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With acting National Nuclear Security Administration chief Bruce Held signaling a shift in M&O contracting across the weapons complex, industry officials gathered at the Nuclear Deterrence Summit last week suggested just taking aim at the large fees being paid might not be the answer to the agency’s problems. In a speech at the summit, Held said the Department of Energy and NNSA were planning to move to more of a “public interest” model of M&O contracting and away from higher fees that have been paid in recent years, especially at the two most recently awarded contracts: at Los Alamos and Lawrence Livermore national laboratories.

During a summit panel featuring senior industry officials later in the conference, Booz Allen Hamilton Principal Richard Goffi said the issue is the value brought by the corporate parents to the M&O contracts. “How do you put a value on that, how do you reward that?” Goffi said. “I think there’s probably room for different models there that may be different. But to just simply say we need to attack the fee line and make it smaller because smaller is better I think is a naive and kind of shortsighted solution to it.”

Is Fee Architecture the Problem?

At the summit, Held called the “creeping privatization” of the national laboratories “unwise” and suggested that future NNSA contracts be aligned with what can improve research and science at the labs. “If what we’re trying to motivate is really scientific excellence to take on issues we can’t deal with, we need other options,” Held said. “We need to create an incentive structure that actually motivates the people who do that. I don’t think that’s a big fee.”

CB&I Federal Services President Bob Cochran said the fees aren’t necessarily the problem, but the “fee architecture” is. “The fee architecture has turned into this three dimensional game,” Cochran said. “And what you end up doing is you have measurements on measurements on measurements that yield nothing in the way of real value. They just simply yield measurements.” Cochran suggested narrowing the measures on which contractors are evaluated to a few meaningful criteria. “That could be used in order to determine the effectiveness of the management of the laboratory, the science delivered and the support, the stewardship and other aspects that the lab and the production enterprise provide to the country,” he said.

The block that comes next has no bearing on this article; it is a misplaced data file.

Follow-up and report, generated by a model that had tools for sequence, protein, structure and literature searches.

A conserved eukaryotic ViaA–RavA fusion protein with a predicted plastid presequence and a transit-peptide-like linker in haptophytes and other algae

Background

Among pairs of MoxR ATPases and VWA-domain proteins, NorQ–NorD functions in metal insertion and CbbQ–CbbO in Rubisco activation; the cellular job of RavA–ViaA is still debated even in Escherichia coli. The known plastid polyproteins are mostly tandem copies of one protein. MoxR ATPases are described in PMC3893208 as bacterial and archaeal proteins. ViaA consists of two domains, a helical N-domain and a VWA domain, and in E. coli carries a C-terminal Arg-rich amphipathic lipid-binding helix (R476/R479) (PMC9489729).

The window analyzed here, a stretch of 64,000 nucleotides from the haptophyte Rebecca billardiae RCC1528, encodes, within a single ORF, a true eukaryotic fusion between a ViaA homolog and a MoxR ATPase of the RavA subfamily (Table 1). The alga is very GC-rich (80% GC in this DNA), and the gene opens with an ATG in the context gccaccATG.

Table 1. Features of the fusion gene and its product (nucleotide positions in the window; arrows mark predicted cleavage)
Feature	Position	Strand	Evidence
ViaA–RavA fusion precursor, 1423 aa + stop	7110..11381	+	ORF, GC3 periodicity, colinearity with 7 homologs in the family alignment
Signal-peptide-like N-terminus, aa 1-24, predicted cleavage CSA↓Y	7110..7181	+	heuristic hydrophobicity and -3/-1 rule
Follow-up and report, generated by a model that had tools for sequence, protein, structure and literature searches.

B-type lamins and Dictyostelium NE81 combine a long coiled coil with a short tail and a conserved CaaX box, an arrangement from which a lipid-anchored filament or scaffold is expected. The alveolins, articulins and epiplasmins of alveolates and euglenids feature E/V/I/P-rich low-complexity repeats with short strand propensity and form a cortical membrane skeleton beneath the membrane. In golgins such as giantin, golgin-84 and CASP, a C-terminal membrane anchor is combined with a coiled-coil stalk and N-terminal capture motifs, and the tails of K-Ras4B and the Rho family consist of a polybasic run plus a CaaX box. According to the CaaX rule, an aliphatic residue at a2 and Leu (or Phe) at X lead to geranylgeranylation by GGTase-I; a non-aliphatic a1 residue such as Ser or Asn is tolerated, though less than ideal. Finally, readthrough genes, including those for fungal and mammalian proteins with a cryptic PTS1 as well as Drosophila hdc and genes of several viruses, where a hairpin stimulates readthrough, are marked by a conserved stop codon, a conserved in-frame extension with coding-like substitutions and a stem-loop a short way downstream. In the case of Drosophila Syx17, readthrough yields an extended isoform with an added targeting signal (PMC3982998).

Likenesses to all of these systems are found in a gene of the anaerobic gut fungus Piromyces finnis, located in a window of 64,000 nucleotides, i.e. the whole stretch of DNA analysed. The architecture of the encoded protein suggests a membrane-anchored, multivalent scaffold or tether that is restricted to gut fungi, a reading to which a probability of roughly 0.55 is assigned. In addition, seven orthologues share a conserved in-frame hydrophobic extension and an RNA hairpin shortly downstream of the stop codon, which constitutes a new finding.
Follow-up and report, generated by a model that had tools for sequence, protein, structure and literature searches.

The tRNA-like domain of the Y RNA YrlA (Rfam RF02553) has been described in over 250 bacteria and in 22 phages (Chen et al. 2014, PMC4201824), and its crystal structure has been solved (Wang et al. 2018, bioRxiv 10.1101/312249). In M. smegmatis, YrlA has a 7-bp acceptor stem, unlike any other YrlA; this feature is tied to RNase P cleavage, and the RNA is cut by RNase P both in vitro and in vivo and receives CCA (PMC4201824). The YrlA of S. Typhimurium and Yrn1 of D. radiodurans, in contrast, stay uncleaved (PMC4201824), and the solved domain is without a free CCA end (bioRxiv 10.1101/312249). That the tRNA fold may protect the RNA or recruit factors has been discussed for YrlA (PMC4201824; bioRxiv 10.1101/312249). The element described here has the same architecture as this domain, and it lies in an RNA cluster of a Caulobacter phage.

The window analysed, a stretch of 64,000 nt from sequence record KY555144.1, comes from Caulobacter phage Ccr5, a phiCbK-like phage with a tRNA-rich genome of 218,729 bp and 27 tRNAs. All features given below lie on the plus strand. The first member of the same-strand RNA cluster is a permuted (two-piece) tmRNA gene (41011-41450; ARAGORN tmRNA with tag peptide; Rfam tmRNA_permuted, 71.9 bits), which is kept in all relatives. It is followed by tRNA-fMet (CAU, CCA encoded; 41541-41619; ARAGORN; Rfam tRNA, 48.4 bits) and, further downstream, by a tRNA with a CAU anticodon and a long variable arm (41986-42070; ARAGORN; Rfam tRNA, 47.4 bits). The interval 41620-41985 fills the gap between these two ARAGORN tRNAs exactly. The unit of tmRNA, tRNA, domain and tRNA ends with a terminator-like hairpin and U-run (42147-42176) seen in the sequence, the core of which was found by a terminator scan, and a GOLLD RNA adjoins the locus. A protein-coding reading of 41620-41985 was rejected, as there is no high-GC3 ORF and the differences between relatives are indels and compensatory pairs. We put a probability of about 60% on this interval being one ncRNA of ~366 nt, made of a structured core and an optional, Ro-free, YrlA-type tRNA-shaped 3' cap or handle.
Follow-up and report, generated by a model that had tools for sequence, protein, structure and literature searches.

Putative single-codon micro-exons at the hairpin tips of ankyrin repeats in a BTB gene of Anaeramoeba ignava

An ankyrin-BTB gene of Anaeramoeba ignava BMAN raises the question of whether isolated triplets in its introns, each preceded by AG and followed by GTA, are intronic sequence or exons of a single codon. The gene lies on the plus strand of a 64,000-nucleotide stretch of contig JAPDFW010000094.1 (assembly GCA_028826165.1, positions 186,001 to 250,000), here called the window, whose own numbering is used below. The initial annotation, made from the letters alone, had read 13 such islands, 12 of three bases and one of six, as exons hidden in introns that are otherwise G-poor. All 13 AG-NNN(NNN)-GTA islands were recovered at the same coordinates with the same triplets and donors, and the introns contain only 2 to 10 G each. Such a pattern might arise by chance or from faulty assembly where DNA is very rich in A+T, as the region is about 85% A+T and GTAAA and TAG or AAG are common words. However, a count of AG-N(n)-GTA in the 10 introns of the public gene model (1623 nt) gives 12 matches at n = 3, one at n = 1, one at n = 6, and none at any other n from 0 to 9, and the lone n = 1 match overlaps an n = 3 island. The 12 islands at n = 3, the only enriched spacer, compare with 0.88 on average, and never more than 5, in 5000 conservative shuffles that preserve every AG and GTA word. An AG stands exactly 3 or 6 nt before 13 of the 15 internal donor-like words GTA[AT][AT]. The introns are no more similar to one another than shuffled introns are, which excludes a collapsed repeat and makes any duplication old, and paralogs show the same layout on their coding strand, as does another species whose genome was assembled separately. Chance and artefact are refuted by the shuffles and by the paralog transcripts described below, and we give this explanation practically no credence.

Newport News Nuclear Vice President for Energy Programs Peter Diakun suggested that there also might need to be more fine-tuning between objective and subjective measurements for fee. He said there’s a “propensity … for more subjectivity toward the fee and its earnings, which really clouds the issue between real performance and then political performance.”

‘Our Customers are Not Happy’

John Howanitz, Bechtel’s General Manager for Nuclear Security & Allied Governments, said Bechtel is still digesting the Department’s push toward a “public interest” contracting model. “It’s very obvious that our customers are not happy and they’ve expressed that to the Board of Governors on numerous occasions and in other formats,” Howanitz said. Bechtel is the lead contractor for LLCs that

run Los Alamos and Livermore, which are capable of earning two of the highest fees in the weapons complex. For Fiscal Year 2013, that meant up to $66.9 million could have been earned at Los Alamos and $47.4 million could have been earned at Livermore compared with $26.8 million at Sandia National Laboratories. Sandia hasn’t been recompeted since the early 1990s, but Lockheed Martin’s contract to run the lab expires at the end of March, and if Sandia is recompeted, it is expected to be the first example of the Department’s new approach.

Howanitz noted that even though the margins at Los Alamos and Livermore are higher than at other sites, the work brings in some of the lowest margins for Bechtel. Howanitz noted that unallowable costs come out of the fees, as do gaps in salaries, other unapproved expenses, and community contributions. Some of the fee also goes back to the labs for research and development. “It’s not a lucrative business,” he said. “But regardless, our customer has an expectation that we demonstrate value. That’s our job. We plan to do that, and if we’re unable to do so, come up with a plan to address their concerns.”

Goffi noted that other sectors in the “public interest” bring in more money. “From my personal opinion, I would challenge the notion that profit or fee is antithetical or somewhat inconsistent with public service,” he said. “There are broad sectors of the economy that arguably provide a public service, whether it’s the health sector, whether it’s the food production sector, that do it at significantly higher margins than those in the national security enterprise.” —Todd Jacobson

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